Although the PCF practices for both fruit and vegetables were almost identical in the questionnaire, factor analyses showed some differences in the underlying structure. ‘Pressure’ and ‘Negative atmosphere’ were separate PCF strategies for vegetables, whereas they belonged to one strategy for fruit. ‘Availability’ was an acceptable factor for fruit, whereas this strategy did not emerge as a separate factor for vegetables. ‘Choice’ for fruit seemed to focus on child participation, whereas for vegetables the focus was more on making a choice possible. For vegetables, ‘Distraction’ included instrumental eating and positive, playful practices; for fruit, this strategy was not reliable. The composition of the strategy ‘Positive information’ was exactly the same for fruit and vegetables.

The mean factor scores for each PCF strategy for fruit and vegetables are shown in Table 2. ‘Positive information’ and ‘Pressure’ were the strategies most frequently applied for vegetables. ‘Taste masking’ and ‘Distraction’ were the least used strategies for vegetables. For fruit, ‘Availability’ was the most used PCF strategy, followed by ‘Positive information’ and ‘Choice’.

Relationship between parental child-feeding strategies and children’s intake

The final regression model explained 47 % of the variance in children’s vegetable intake. The model included seven variables, shown in Table 3. ‘Distraction’, ‘Negative atmosphere’ and ‘Positive information’ were negative predictors of children’s vegetable intake. ‘Parental vegetable intake’, ‘Choice’, ‘Pressure’ and ‘Age 7–8 years or 11–12 years’ were positive predictors of vegetable intake.

Table 3 Final stepwise multiple regression model for children’s vegetable (R 2 = 47 %) and fruit intake (R 2 = 28 %) with parental child-feeding strategies, age and parental intake as independent variables

The regression model for children’s fruit intake included three variables, which accounted for 28 % of the variance (Table 3). ‘Parental fruit intake’ and ‘Choice’ were positive predictors of children’s fruit intake, whereas ‘Negative atmosphere and Pressure’ was a negative predictor.

The regression models to predict children’s preference explained a much smaller amount of variance: 3 % for vegetables and 18 % for fruit (results not shown). However, both models included the PCF strategy ‘Choice’ as a significant positive predictor.

Additional analyses

Additional analyses were conducted with the PCF strategies that were positive predictors of children’s intake. Since it is unlikely that parents use these strategies more because their children eat already large quantities of fruit or vegetables, it seems plausible that a high use of these strategies results in a higher intake. For that reason, tertiles were made based on the use of the strategies ‘Choice’ and ‘Pressure’ for vegetables, and ‘Choice’ for fruit. The differences in children’s intake between the tertiles were calculated to estimate the impact of the particular strategy.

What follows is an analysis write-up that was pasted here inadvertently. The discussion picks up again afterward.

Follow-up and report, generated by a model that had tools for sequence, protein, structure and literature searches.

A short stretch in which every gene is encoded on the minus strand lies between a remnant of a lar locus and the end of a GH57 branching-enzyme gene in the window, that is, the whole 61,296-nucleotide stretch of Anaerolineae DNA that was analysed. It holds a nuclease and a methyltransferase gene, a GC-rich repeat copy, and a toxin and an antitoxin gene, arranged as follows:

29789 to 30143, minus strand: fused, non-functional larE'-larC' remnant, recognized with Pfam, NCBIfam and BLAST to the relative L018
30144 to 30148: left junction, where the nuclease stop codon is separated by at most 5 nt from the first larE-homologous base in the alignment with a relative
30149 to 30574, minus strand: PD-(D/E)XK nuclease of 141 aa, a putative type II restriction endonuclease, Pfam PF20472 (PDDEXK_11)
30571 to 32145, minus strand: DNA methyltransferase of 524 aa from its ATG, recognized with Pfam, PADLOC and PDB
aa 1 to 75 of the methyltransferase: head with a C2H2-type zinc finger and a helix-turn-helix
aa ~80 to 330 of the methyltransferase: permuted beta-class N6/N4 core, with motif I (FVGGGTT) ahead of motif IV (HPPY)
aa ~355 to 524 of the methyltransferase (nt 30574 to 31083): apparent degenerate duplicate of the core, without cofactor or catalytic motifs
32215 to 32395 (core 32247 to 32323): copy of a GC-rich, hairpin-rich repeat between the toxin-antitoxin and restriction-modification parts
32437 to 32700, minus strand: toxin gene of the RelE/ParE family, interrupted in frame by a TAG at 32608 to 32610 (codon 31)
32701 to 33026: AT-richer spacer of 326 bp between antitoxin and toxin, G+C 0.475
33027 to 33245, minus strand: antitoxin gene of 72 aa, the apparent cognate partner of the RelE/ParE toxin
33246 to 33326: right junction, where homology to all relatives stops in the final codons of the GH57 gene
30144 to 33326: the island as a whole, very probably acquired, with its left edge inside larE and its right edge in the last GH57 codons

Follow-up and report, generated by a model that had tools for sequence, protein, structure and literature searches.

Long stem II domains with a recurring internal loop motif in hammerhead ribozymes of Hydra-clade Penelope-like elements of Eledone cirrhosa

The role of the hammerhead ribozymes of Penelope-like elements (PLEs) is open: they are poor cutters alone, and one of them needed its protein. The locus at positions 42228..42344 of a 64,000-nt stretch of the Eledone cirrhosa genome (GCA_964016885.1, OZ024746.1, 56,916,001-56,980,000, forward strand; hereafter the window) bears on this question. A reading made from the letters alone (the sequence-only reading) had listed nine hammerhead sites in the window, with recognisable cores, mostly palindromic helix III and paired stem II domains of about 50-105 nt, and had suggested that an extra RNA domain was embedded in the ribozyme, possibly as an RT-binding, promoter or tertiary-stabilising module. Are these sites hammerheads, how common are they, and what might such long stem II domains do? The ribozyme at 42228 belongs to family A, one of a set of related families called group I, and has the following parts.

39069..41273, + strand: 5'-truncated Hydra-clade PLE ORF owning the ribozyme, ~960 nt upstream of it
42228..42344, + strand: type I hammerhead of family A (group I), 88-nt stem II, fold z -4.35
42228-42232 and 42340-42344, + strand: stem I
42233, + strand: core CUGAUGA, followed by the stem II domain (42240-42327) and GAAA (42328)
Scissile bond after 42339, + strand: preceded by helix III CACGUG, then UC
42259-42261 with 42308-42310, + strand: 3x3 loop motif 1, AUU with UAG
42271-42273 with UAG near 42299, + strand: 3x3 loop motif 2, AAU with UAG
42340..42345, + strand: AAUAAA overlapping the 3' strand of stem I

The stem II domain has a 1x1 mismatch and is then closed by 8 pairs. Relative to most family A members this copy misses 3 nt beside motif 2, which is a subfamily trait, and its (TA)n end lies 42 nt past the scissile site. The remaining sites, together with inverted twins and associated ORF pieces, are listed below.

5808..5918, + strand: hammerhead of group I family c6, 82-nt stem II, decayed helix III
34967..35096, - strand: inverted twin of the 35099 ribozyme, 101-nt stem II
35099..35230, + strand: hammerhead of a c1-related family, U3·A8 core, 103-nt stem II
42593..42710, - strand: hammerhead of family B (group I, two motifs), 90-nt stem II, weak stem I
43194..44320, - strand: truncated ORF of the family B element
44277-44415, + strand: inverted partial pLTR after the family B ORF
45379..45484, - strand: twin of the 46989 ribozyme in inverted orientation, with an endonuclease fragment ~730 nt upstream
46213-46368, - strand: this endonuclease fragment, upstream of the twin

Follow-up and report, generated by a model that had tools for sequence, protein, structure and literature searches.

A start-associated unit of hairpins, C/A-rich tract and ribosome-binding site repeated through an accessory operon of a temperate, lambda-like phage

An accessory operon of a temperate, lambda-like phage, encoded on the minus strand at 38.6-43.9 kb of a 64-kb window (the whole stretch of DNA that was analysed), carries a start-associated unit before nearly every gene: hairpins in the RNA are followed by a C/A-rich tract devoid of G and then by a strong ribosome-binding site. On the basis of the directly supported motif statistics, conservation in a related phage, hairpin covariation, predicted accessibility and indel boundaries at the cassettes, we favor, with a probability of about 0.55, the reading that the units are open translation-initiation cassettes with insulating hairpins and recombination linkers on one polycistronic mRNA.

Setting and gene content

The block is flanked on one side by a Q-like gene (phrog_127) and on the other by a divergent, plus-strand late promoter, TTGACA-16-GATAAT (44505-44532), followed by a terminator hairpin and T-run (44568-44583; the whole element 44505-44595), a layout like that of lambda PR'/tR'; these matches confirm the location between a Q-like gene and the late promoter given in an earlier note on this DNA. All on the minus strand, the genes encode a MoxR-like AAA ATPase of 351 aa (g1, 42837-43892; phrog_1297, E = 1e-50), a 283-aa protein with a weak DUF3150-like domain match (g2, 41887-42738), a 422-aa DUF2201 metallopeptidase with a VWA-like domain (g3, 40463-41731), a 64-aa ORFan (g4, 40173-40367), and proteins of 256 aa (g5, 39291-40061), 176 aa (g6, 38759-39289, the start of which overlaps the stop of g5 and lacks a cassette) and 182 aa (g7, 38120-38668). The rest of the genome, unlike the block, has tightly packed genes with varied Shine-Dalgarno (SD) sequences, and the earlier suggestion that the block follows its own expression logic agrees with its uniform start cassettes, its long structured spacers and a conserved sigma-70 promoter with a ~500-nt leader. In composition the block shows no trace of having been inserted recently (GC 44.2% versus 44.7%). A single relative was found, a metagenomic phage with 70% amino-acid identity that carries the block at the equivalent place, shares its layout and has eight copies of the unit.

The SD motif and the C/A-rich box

Figure 1 shows that there is no significant difference in children’s vegetable intake between the three tertiles for ‘Pressure’ (P = 0·56). For the strategy ‘Choice’, the difference in children’s intake between the lowest and highest tertile was 40 g/d for vegetables (P < 0·001) and 72 g/d for fruit (P < 0·001). The mean use of ‘Choice’ for vegetables in the highest tertile was 2·8 compared with 1·4 in the lowest tertile, whereas for fruit, these values were 4·2 and 3·0 on a 5-point scale.

Fig. 1 Comparison of children’s vegetable or fruit intake between the tertiles (n 72 to 84) of three parental child-feeding strategies (response categories were on a 5-point scale where 1 = ‘never’, 2 = ‘rarely’, 3 = ‘sometimes’, 4 = ‘often’ and 5 = ‘always’): ‘Choice’ for fruit; ‘Choice’ for vegetables; and ‘Pressure’ for vegetables. Tertiles are based on the frequency of use of the specific parental child-feeding strategy. P values for comparisons between the three tertiles (ANOVA plus Bonferroni) as follows. ‘Choice’ for fruit (P < 0·001): tertile 1 v. 2, P = 0·52; tertile 1 v. 3, P < 0·001; tertile 2 v. 3, P = 0·02. ‘Choice’ for vegetables (P < 0·001): tertile 1 v. 2, P = 0·06; tertile 1 v. 3, P < 0·001; tertile 2 v. 3, P = 0·09. ‘Pressure’ for vegetables (P = 0·56)

Relationship between parental child-feeding strategies and Child Feeding Questionnaire

For vegetables, CFQ ‘Restriction’ was positively correlated with the PCF strategies ‘Distraction’ (r = 0·37; P < 0·001) and ‘Negative atmosphere’ (r = 0·28; P < 0·001). CFQ ‘Pressure to eat’ was positively related to the PCF strategies ‘Distraction’ (r = 0·40; P < 0·001), ‘Negative atmosphere’ (r = 0·38; P < 0·001) and ‘Pressure’ (r = 0·27; P < 0·001).